NFS and DHCP problem

I have NFS running successfully between two SUSE 10.3 boxes, except that my host address gets changed by the router periodically and then connections fail. The address changes beetween and I tried changing my network card setting (via Yast) from dynamic addressing via DHCP to static address This is outside the range that DHCP uses. But when I do my network is unreachable, my internet does not connect, and I cannot ping an external address.

Any pointers would be appreciated.

When you take matters in your own hands and assign a static address, you also have to take care of other things that DHCP did for you, namely the default gateway and the DNS resolver. There are YaST dialogs for setting those. In most cases the gateway and the resolver is the router itself.

Another way of doing it on some routers is to ask the router to pin the IP address given out to the particular MAC address used by the computer. Check the admin web pages to see if this feature is offered. Then you can continue to use DHCP but have the static IP address. Almost like having your cake and eating it too.

I am guessing you are using traditional method with IFUP? If you are using the Network Manager, don’t use Yast to configure a Static IP, use the modify connections in Network manager. And as the previous post said, you must specify the gateway and DNS settings or it won’t work.

Ah yes, “In most cases the gateway and the resolver is the router itself.” Once I set the router address as the default gateway everything fell into place. I was trying to set the static addresses to the MAC numbers, but I couldn’t do from my router.


Everything works now except that when one of the computers is powered down the other has no access to it’s own home directory. Konqueror says it is “stalled” and eventually locks up. I think I need to stop/restart my network services. What’s the simplest way to do that?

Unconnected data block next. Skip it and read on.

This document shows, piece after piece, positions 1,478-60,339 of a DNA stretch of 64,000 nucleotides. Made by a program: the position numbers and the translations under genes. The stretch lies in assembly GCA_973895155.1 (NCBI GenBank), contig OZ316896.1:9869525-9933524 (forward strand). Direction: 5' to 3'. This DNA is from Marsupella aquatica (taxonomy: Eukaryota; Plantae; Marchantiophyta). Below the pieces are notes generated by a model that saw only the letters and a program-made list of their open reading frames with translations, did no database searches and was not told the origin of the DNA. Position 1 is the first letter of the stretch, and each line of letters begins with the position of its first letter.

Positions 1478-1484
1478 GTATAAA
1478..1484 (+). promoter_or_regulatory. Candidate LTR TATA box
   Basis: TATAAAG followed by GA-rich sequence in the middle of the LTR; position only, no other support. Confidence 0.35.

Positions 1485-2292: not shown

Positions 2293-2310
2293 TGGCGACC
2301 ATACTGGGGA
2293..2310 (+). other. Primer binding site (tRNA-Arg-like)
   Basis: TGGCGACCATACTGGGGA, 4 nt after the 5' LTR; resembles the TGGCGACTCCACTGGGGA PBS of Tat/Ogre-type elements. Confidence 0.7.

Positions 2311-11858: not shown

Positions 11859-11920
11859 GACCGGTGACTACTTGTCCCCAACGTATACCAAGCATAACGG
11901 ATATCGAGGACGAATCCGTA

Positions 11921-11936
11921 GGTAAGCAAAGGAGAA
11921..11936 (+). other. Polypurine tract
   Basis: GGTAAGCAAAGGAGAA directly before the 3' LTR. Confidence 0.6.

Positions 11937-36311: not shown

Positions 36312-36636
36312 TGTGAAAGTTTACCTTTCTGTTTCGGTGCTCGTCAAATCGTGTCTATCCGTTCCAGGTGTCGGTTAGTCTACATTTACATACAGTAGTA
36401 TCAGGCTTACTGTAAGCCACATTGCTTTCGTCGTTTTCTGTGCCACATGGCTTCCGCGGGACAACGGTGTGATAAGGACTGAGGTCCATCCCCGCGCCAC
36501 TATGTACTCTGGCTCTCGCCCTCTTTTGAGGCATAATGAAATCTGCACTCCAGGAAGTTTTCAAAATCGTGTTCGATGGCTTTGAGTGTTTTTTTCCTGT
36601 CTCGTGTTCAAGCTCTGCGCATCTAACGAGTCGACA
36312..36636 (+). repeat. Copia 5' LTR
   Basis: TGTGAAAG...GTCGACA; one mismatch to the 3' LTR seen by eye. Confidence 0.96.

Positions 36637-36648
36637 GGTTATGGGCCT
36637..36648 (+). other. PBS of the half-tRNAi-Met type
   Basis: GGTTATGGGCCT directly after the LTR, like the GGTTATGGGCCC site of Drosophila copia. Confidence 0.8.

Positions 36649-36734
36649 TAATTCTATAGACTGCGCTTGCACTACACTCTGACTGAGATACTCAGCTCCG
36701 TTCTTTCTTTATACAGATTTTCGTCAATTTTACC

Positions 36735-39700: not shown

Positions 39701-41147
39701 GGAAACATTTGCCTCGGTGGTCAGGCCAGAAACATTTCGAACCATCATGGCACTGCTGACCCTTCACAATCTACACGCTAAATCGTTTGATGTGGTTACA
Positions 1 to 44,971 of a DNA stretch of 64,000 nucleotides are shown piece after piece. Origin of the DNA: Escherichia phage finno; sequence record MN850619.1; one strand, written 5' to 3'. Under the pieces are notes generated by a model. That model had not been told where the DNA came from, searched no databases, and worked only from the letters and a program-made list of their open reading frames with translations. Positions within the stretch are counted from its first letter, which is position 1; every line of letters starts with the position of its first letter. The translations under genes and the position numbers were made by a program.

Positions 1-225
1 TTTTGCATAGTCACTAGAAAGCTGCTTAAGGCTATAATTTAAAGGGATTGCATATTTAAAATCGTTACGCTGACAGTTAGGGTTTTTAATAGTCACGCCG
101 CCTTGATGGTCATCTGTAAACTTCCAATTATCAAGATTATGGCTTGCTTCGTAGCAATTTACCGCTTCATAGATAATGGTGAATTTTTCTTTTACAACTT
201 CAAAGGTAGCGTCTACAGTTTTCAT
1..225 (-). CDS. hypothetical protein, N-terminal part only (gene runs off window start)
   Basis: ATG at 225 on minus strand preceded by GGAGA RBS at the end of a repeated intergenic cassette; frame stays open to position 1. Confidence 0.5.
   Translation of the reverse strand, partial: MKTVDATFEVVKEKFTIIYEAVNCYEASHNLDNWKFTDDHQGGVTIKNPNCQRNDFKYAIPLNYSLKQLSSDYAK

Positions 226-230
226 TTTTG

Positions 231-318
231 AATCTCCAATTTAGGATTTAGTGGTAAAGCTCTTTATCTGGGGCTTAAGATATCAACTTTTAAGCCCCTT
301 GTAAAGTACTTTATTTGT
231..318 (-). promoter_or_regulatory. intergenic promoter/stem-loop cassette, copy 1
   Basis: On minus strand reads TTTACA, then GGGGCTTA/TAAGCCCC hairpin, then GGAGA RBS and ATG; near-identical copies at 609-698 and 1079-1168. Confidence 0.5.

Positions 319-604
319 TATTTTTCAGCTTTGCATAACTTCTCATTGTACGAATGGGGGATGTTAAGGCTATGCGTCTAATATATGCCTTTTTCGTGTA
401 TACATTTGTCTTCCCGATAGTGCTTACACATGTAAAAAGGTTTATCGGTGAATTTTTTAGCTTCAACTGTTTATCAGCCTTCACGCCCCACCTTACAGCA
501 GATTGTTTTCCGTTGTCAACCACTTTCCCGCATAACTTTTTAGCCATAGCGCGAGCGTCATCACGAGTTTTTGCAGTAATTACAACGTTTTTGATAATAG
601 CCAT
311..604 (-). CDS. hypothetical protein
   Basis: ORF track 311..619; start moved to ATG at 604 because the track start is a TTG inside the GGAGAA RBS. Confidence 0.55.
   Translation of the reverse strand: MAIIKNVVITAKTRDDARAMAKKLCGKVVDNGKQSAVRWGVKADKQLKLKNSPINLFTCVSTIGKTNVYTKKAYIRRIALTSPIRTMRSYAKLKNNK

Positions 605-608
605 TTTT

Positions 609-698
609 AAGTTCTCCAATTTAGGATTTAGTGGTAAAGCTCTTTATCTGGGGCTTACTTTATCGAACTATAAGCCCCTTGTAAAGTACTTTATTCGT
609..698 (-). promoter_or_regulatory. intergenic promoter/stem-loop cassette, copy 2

As root:
rcnetwork restart
rcnfsserver restart
rcnfs restart

Take a look at the perms in /etc/exports as well, Is it for 192.168.0.* ?

You mean that the /home directory of system a is NFS mounted from system B? and that then system B goes down?

Of course, as soon as a process on system A wants an I/O on its /home, there i a stall. And when other processes are doing likewise and/or waiting for the first process to continue everything grinds to a halt. I am afraid restarting the network interface will not help much. The effect is about the same as dismounting /home when it is not NFS but localy.

The permission is “rw”, so I don’t think this is the problem.

What you said sounds perfectly logical.

Perhaps I should describe the intent of this project and ask how you would do it. Two computers are involved. I want to create a file on computer A, have computer B access it for editing and saving on either computer. Then I want the reverse, create a file on computer B, have computer A access it for editing and saving on either computer.

What I did was set up both computers as hosts and clients. Is that a conceptual error?

Nope, that is allright. (you could even have more systems and/or create loops, not wise of course, the loop I mean).

But when you switch one of and the other still wants to access the data you have a problem.

Thanks for the confirmation. I think I just moved back 10 years; to the world of WinDoze. You remember…reboot, reboot, reboot…